Ohri summed up the situation by saying, “Exploitation has been normalised by the media and the people in power.” This can be seen via the “development-oriented” acts and laws passed by the Indian government in Kashmir.
They will lead to increased loss of forest cover, change in soil pattern and damage to agricultural produce, and increased natural disasters like floods and landslides.
A research conducted by Shakil Romshoo and others, on the “implications of glacier shrinkage under climate change on the streamflow of Lidder catchment in the upper Indus basin”, showed that due to a rise in average temperature, the glacier surface area in the basin is depleting at a rapid rate.
This is causing the proportion of snow to decrease and rainfall to increase, which leads to a change in weather patterns. As the glacial surface area keeps decreasing, it causes a decrease in stream flow which is predominantly fed by snow and the melting of glaciers.
Professor Romshoo wrote in the paper: “The declining stream flows have the potential to adversely affect agriculture, energy production, tourism and even domestic water supplies.”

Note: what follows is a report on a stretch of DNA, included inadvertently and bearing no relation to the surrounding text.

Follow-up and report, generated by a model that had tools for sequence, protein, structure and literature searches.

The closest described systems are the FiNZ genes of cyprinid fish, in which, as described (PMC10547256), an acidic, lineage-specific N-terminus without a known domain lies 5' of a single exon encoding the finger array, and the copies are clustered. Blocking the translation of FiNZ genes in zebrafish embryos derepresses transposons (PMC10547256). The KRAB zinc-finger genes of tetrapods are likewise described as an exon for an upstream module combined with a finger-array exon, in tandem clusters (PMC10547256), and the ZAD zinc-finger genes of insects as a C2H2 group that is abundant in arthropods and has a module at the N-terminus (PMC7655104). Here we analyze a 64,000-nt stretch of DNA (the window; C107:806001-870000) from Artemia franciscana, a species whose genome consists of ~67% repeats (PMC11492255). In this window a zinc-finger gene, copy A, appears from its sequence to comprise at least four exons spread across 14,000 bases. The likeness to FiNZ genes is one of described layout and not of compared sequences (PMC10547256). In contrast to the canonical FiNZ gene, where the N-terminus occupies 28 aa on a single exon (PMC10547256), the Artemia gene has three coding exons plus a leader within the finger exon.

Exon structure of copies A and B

Global warming in Kashmir is leading to the rapid melting of glacier mass, which is an important part of the ecosystem. Melting of glaciers is causing significant change in weather patterns, flash floods and agricultural damage.
Kashmir has also seen a rise in invasive plant species due to global warming. Afreen Faridi, an expert on the tribes of Kashmir said, “These are weeds that are eaten by the flock, which causes poisoning and it can lead to death in some cases,” as we discussed this aspect of climate change in Kashmir and its impacts on the tribal communities here.
Another impact is the decreased quality of pastures due to increased temperature, which leads to decline in the quality of wool and meat. Faridi also mentioned “freak weather patterns and natural disasters” such as cloud bursts and flash floods, that harm both the flock and the nomads during their migration.
These are just some of the factors under climate change that impacts the ecosystem of Kashmir. A state that is constantly under political turmoil is now battling another monster i.e. rapid climate change.
I am sure that most of you understand that clearing of the forest cover, control over the agricultural land and the uncontrolled industrialisation in Kashmir, is done under the pretext of “development”.
To start a journey towards sustainable development we need to rethink the meaning of development and its characteristics. Policy and lawmakers need to switch from the current, linear, economic model to a circular, economic model.
The linear model primarily focuses on taking a natural resource and turning it into a product, that is ultimately destined to become waste because of the way it has been designed. On the other hand, the circular model focuses on manufacturing products that are reusable.
Circular economy is a system that tackles global challenges like climate change, biodiversity loss, waste, and pollution.
To quote Ohri, “We are not against development, we just want the development to be sustainable, so that people living here are not impacted adversely.”